Tuesday, August 20, 2013
John Deasy vs. Sarah Palin
In the wake of Los Angeles School Superintendent John Deasy first receiving a 91 percent Vote of No Confidence from his teachers and then a failing grade in their subsequent Performance Review (both in the Spring of 2013), questions must be asked. In the former vote, only 1,647 of LA’s 33,000 teachers expressed any confidence at all in Deasy while in the latter the vast majority of teachers who participated rated his performance below average or poor in every single one of their 25 performance areas. The ratio of poor to below average was often six to one. On a scale of one to five with five being highest, Deasy scored 1.36 overall. In a world where most teachers issue fails with anything below 60 percent, the Superintendent's grade was 27.2 percent. Had he somehow managed to double his score, he still would have fallen short of a D by more than six percentage points.
Given such dismal numbers, it is fair to ask would anyone be a more effective superintendent? What about John Deasy vs. Sarah Palin, for example?
Let’s start with their educational backgrounds which are surprisingly similar. Sarah Palin enrolled at the University of Hawaii at Hilo in 1982. Shortly after arriving in Hawaii, she transferred to Hawaii Pacific University in Honolulu for a semester and then to North Idaho College for the spring and fall semesters of 1983. In August of 1984 Palin enrolled at the University of Idaho in Moscow for an entire academic year and then attended Matanuska-Susitna College in Alaska in the fall of 1985. Returning to the University of Idaho in Moscow which apparently sucked up all her units from all her other colleges and universities as if it was one giant academic vacuum cleaner, she received her degree in communications with an emphasis in journalism in May of 1987.
John Deasy began his PhD studies attending the State University of New York at Albany from 1991 to 1993 and earned 33 units, an astounding 8 units per semester. He then divided his time from 1997 to 2003 between the University of Rhode Island and Rhode Island College in a dual program. In those seven years of serious academic rigor, Deasy earned 44 units, barely 3 units per semester. Perhaps exhausted from that breath-taking 3-units-per-semester pace, Deasy then turned his attention to a fourth institution, the University of Louisville where he slaved away to earn a relatively astonishing 9 units for a single research course in the Spring of 2004. How many 9-unit, single-semester classes does the University of Louisville offer, I wonder? How many does any university? Much like Palin’s University of Idaho, Deasy’s University of Louisville sucked up all of Deasy’s units from three different universities like a giant academic vacuum cleaner. Deasy was awarded his PhD with stunning swiftness at the end of a single semester in May while the weather was still relatively nice.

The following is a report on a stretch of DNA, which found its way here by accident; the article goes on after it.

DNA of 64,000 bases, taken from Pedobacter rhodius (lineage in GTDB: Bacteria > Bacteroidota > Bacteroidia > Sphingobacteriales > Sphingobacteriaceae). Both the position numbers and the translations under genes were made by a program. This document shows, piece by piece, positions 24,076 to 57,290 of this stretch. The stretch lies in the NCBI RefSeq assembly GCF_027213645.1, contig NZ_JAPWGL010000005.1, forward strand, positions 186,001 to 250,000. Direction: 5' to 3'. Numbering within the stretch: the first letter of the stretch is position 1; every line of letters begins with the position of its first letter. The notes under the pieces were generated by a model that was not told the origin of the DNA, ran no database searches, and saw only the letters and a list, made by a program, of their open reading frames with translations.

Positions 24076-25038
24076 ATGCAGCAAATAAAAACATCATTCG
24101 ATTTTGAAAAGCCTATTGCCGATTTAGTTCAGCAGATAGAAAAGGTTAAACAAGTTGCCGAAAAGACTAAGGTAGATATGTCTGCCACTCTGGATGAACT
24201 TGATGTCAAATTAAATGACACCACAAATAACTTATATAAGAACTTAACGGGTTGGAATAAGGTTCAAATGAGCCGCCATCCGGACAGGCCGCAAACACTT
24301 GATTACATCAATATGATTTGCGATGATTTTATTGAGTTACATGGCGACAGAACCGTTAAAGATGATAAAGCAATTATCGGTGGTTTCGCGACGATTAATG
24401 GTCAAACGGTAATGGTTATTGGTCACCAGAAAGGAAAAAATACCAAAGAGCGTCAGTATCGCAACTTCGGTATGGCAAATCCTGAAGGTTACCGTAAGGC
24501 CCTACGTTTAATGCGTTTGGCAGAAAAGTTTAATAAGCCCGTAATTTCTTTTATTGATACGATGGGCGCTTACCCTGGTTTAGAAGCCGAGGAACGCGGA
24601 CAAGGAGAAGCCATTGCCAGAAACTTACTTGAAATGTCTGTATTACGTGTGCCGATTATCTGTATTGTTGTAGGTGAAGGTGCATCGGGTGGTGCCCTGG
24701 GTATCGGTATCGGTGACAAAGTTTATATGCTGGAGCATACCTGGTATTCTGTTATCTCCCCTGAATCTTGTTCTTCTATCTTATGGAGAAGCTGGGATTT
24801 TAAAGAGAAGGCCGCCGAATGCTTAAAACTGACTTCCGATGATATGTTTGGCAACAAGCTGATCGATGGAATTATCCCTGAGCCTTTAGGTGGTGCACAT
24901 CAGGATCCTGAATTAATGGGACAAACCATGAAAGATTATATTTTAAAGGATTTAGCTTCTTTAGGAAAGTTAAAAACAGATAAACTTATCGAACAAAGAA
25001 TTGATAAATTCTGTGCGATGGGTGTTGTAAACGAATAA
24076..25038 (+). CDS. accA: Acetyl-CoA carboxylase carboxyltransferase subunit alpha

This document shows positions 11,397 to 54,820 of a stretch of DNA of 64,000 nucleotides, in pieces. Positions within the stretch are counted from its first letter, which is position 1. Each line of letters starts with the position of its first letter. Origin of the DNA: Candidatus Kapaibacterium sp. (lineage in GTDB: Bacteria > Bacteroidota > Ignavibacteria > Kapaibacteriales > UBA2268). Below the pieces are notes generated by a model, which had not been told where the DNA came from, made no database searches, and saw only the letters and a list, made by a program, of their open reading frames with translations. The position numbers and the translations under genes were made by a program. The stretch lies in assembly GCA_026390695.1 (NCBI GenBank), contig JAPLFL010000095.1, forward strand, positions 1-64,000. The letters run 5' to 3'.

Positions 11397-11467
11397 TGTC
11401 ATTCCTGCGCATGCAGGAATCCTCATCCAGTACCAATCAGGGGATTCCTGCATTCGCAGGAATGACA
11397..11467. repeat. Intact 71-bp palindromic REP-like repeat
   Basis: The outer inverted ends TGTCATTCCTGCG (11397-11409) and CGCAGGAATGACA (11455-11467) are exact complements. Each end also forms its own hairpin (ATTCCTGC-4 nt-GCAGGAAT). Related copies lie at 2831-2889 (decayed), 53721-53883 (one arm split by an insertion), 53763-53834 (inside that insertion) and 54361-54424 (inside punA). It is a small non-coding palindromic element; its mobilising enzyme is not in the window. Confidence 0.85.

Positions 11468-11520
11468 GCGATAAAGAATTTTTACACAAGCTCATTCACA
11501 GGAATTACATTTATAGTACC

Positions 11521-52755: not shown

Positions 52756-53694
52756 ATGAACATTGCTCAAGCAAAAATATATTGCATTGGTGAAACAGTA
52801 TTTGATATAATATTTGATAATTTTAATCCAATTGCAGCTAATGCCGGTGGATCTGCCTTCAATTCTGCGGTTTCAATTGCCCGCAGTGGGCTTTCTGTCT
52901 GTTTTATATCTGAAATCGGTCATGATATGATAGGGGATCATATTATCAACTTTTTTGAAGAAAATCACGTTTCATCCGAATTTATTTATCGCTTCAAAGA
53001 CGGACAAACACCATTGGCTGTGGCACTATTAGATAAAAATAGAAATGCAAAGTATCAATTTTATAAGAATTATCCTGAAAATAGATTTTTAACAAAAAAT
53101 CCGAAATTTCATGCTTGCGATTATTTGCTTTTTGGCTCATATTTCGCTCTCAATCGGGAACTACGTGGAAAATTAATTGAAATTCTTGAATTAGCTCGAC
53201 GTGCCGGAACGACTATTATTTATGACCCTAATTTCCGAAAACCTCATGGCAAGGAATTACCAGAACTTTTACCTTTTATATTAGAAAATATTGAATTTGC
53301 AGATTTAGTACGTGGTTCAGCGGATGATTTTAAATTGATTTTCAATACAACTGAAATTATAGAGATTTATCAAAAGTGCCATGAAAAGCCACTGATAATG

Such an achievement is particularly remarkable when you stop to consider the fact a typical University of Louisville student at the time completed (and now in the wake of the Deasy fiasco is required to complete) its PhD program in approximately three years with at least one year in full time residency and a minimum of 18 units.
Palin narrowly defeated Deasy in the number of colleges and universities attended for a single degree by the narrow margin of five to four.
In June 2008, Northern Idaho College alumni gave Palin its Distinguished Alumni Achievement Award. To date John Deasy has been awarded No Distinguished Anything from Anybody.
In its 2013 Performance Review, of the 25 performance areas Los Angeles teachers rated Deasy the lowest in the area of his ability to positively influence the morale of the staff with 86 percent of teachers rating him below average or poor. More than six times as many rated him poor compared to below average. He was second lowest in his ability to spend money wisely according to the teachers with starkly similar numbers. In stark contrast to Deasy, Palin received the Miss Congeniality award and was awarded a college scholarship in finishing third in the Miss Alaska Pageant of 1984. Sarah Palin had already won the Miss Wasilla Beauty Pageant, an impossible feat for anyone lacking loads of congeniality. For Miss Alaska, Sarah Palin played the flute in the talent portion of the contest again in stark contrast to John Deasy who slashed arts spending in 2012.